The Legislature is expected to votes on an $83 billion state budget. Its only allocation for land conservation targets working ranch lands especially in central Florida. The budget puts $10 million toward the Rural and Family Lands Protection Program, aimed at protecting ranch lands from future development through conservation easements. The allocation is paltry but important given the budget allocates no money for Florida Forever, the state’s land acquisition program. It once got $300 million a year.“It’s incredibly unusual to see that at zero particularly given that we passed the Land and Water Conservation Amendment in order to get that from zero to something closer to like $300 million,” said Aliki Moncrief of Florida Conservation Voters.
Alabama's popular Forever Wild land conservation program could be required to reimburse state and county governments for an estimated $3.6 million in lost property taxes -- plus $500,000 every year going forward -- under a proposed measure in the Alabama Legislature. The bill, HB 502, would require Forever Wild to "reimburse the amount of any ad valorem tax revenue lost as a result of property previously subject to ad valorem tax being acquired by the Forever Wild Land Trust."Gunter Guy, Commissioner of the Alabama Department of Conservation and Natural Resources, said he estimates Forever Wild would have to pay approximately $500,000 each year on lands the program has already purchased, plus a significant back taxes bill."The measure also requires a one-time retroactive reimbursement related to tax years prior to enactment," Guy said in an email. "We estimate the total amount of ad valorem taxes associated with acreage dating back to creation of the program to be approximately $3.6 million. "DCNR is opposed to HB 502 and believes that it would negatively impact the Forever Wild Land Trust by creating a perpetual financial burden that will ultimately deplete funding for future acquisitions and shut down the program."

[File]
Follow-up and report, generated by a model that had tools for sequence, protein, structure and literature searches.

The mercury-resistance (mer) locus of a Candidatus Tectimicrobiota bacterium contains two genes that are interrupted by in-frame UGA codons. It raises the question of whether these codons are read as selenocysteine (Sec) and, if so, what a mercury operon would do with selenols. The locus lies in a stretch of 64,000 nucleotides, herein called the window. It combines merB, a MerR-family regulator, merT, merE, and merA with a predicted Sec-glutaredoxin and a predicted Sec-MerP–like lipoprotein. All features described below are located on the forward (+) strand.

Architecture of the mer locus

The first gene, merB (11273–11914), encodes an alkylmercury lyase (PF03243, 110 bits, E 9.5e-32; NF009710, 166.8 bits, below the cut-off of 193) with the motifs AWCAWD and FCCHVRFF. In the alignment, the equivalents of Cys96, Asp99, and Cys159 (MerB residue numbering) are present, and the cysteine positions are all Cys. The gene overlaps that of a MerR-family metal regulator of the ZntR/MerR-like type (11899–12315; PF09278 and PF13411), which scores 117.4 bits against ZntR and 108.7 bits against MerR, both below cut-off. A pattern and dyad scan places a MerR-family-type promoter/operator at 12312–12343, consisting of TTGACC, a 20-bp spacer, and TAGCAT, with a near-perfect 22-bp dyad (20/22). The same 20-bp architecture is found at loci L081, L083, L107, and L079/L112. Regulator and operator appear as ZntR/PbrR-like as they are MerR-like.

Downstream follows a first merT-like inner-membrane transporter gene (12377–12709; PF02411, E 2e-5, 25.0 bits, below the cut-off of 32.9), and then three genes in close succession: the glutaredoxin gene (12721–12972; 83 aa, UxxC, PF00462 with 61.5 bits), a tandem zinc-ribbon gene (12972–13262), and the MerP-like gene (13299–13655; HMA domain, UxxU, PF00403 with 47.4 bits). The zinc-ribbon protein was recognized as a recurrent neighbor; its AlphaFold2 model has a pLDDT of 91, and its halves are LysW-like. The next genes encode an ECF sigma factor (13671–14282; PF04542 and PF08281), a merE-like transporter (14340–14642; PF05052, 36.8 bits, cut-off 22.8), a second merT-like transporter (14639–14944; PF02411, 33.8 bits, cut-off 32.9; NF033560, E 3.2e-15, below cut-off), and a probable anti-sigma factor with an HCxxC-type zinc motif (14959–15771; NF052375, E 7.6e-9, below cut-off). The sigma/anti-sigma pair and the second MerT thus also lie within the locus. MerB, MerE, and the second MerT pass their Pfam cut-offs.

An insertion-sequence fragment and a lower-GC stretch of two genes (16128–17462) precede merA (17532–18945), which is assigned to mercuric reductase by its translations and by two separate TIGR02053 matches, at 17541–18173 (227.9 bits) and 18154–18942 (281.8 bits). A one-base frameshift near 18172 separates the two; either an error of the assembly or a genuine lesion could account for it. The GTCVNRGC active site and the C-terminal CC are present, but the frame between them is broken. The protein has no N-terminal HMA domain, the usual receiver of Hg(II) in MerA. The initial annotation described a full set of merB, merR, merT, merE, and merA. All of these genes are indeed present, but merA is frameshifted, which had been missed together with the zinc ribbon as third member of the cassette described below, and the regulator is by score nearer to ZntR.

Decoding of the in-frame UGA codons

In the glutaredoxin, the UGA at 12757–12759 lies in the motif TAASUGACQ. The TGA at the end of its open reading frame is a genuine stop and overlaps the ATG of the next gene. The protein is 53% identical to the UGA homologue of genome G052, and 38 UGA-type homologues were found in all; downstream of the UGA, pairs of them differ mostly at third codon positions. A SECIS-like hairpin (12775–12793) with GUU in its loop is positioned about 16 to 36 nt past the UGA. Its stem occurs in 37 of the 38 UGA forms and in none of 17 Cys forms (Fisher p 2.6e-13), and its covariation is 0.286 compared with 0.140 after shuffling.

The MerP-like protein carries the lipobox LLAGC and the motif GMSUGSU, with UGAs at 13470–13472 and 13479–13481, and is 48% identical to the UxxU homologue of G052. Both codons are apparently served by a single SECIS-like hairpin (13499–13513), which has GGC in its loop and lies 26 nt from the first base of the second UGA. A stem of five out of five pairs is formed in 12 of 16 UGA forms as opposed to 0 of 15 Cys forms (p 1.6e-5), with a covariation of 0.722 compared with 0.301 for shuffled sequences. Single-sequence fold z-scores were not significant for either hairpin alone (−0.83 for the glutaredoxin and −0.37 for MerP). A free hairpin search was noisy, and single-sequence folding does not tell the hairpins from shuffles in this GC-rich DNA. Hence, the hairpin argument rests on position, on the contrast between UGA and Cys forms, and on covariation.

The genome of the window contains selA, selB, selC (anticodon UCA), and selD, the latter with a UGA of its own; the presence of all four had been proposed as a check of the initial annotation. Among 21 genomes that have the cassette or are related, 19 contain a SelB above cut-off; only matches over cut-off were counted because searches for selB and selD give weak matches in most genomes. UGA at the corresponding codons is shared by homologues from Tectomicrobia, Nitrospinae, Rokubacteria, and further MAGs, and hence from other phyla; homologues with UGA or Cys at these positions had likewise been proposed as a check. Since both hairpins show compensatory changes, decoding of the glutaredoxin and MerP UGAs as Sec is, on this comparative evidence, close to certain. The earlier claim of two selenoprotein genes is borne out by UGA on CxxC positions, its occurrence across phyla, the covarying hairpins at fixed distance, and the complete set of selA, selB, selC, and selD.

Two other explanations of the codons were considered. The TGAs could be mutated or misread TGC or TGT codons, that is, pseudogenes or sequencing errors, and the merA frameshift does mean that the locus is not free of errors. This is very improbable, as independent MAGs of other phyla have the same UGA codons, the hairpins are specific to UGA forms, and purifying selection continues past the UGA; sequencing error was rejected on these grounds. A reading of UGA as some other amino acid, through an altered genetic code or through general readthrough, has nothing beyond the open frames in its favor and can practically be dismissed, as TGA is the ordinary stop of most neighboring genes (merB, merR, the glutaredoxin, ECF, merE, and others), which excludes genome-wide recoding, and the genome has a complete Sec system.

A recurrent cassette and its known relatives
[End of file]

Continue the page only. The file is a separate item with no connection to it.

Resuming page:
A proposal to expand allowable activities for cider businesses on farmland is sailing through the Oregon legislature with minimal opposition.Imitating rules established for wineries, Senate Bill 677 would permit cider businesses to produce and sell their beverages, serve food and conduct other agritourism activities on-site in farm zones.Companies generating less than 100,000 gallons of cider a year would have to be within or next to an orchard of at least 15 acres to take advantage of the provisions.The orchard size requirement would increase to 40 acres for those businesses producing more than 100,000 gallons annually, under the bill.The Senate has unanimously approved SB 677, and it’s now being considered by the House
Much needed reform of Ohio’s CAUV formula has been included in the Ohio House’s biennial budget proposal, which is good news for Ohio’s family farmers, according to the Ohio Farm Bureau Federation. The budget proposal would address nonfarm influences from the formula that tend to artificially raise CAUV values. It would also ensure that farmers are not penalized for adopting conservation practices that protect water quality.
A bill restricting antibiotic usage in Oregon’s livestock industry has died despite objections from critics who claim federal controls insufficiently limit usage of the drugs. The U.S. Food and Drug Administration has worked with pharmaceutical companies to change antibiotic labels to disallow uses aimed at livestock growth promotion.However, critics such as the Consumers Union have said the approach creates a “loophole” by continuing to permit antibiotic usage for disease prevention in livestock.Senate Bill 785 would have restricted antibiotics to treat or control the spread of a disease under the supervision of a veterinarian and required confined animal feeding operations, or CAFOs, to report usage.